The CommonWell Health Alliance: Can The Private Sector Push Interoperability Over the Finish Line?

CommonWell Health Alliance

The HIMSS13 Conference in New Orleans, one of the biggest gatherings of Health Information Technology professionals of the year, was host to speakers, panel discussions, and one pretty large announcement from some of the big names in the electronic health record industry.

Allscripts, AthenaHealth, Cerner, Greenway, and McKesson have announced the founding of the CommonWell Health Alliance, a non-profit trade group designed to implement standards around some of the most difficult problems with interoperability between systems. CommonWell will focus on working to standardize three areas: patient matching, patient access consent, and record location. Once standards are set for these areas, they can be made public and licensed at a “reasonable cost”. The Alliance’s formation was inspired in part by a Bipartisan Coalition meeting, and especially a comment from National Coordinator for HIT Farzad Mostashari. The conversation was recalled by David McCallie, vice president of informatics at Cerner, in an interview with HealthcareITNews:

“…everyone was sort of complaining to Farzad: “You’ve got to go solve this identifier problem, it’s killing us.” And Farzad said, “Look, it’s against the law! I can’t do it. You guys have to solve it.” I came back and literally quoted that – “you guys have to solve it” – I sent an email to Arien and he said, “We think the same thing. Let’s talk about it.” And within a week, we knew this was what to do.”

Interoperability is the principle that patient information that is shared between two different software packages should work seamlessly. Think about the interoperability of the Internet. A web page can be read on any brand of computer, any browser, and with any internet service provider. It just works. Interoperability between EHR software would look very similar. Anywhere a patient needs care, their records could be transferred and read electronically, without having to worry about the different software formats. It’s important to distinguish between interoperability, which allows different software packages to understand each other, and Health Information Exchange, which is simply a means of communication between locations and providers. To extend the analogy, a telephone can connect two people, but if they speak two different languages, you will need a translator between them.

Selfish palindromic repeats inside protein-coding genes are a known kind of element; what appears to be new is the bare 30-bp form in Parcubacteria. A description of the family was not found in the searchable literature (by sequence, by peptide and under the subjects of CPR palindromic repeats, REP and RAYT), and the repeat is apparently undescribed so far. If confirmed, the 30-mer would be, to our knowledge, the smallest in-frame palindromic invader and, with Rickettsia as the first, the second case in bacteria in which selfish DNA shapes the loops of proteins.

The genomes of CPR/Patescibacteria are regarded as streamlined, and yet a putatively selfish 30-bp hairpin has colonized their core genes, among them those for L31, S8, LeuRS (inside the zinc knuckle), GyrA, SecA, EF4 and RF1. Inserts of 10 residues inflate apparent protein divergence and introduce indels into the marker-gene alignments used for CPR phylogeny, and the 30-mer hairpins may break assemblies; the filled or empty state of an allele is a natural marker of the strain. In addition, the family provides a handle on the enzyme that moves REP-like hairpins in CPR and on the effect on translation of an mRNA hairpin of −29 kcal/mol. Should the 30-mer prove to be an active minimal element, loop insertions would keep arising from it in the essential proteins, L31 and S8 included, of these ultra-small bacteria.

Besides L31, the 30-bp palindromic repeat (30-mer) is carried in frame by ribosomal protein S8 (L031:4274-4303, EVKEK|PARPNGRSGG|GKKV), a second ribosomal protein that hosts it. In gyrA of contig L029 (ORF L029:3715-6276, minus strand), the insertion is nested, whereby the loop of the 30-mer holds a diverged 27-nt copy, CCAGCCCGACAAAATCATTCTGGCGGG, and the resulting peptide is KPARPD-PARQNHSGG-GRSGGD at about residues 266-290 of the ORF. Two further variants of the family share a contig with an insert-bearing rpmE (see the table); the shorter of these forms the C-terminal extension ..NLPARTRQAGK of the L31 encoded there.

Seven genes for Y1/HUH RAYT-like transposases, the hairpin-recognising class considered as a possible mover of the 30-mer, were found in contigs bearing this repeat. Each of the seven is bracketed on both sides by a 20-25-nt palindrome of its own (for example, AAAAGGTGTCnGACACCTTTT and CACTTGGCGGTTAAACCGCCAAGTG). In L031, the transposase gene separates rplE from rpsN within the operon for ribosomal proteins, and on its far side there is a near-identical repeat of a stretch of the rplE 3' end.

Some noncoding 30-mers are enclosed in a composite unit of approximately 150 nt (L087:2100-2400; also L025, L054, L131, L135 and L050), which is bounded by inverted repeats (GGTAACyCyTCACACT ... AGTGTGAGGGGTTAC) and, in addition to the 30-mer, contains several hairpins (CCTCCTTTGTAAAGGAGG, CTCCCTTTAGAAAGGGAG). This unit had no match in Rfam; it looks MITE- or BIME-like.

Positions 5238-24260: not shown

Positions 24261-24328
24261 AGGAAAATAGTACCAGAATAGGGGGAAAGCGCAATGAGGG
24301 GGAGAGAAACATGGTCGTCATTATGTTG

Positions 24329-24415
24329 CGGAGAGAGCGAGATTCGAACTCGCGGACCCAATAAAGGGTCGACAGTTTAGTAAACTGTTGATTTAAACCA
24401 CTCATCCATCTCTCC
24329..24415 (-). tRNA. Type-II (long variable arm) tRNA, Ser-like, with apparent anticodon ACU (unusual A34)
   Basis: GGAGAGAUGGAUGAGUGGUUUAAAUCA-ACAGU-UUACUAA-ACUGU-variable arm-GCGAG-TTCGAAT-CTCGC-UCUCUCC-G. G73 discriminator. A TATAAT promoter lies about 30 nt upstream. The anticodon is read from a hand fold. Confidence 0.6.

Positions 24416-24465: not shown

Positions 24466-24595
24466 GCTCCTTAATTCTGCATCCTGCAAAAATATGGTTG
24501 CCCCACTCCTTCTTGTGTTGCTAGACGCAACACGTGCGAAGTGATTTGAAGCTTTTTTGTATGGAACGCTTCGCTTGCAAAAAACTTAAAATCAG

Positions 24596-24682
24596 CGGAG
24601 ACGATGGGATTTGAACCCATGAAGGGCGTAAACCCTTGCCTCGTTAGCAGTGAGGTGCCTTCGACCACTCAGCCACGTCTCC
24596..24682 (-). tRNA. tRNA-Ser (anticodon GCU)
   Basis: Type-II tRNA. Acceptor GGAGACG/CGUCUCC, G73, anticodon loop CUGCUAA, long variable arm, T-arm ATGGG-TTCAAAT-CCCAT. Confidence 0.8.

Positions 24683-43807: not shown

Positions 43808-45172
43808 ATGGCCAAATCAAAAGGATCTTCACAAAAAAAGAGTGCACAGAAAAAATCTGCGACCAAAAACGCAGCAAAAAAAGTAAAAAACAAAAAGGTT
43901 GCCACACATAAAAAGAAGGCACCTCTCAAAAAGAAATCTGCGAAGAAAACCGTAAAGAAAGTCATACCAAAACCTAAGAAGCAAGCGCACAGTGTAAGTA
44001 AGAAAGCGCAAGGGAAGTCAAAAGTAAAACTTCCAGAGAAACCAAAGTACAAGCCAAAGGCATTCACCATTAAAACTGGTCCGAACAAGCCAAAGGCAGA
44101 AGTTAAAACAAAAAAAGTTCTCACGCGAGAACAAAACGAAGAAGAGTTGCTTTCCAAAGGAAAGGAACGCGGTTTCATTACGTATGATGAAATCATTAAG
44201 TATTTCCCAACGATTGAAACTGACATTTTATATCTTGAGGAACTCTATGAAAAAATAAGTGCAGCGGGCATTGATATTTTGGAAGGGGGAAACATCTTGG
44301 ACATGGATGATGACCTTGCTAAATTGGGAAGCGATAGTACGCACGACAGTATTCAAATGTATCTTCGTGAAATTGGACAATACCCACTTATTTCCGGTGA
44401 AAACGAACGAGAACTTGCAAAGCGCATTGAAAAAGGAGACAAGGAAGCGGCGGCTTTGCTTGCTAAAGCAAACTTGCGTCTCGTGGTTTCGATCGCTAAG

The founders of the CHA have extended an open invitation for other vendors to join the alliance, but one big name was conspicuously absent from the list of participants: Madison, Wisconsin’s Epic Systems, who serves almost half of the US market. Epic founder and CEO Judith Faulkner was dismissive of the announcement:

“We did not know about it. We were not invited,” Faulkner said. “It appears on the surface to be used as a competitive weapon and that’s just wrong. It’s wrong for the country.”

Epic COO Carl Dvorak was even more to the point, calling CommonWell a “marketing opportunity.” Epic System made a collaborative announcement of their own during HIMSS, introducing the DRIVE program to test Epic software in virtualized environments with the help of Dell, Red Hat, Intel and VMWare. The program would be especially useful to facilities looking to bridge older, closed software installations, with more modern and open systems.

Whether or not CommonWell will be a net win for patients or just an opportunity for vendors to make up ground with Epic remains to be seen. Proponents argue that CHA is a step in the right direction for the industry to achieve real interoperability, even if the gains are only modest. The skeptical take, articulated very well by Adrian Grooper, MD at TheHealthcareBlog says there is no real difference between giants like Epic and coalitions like CommonWell.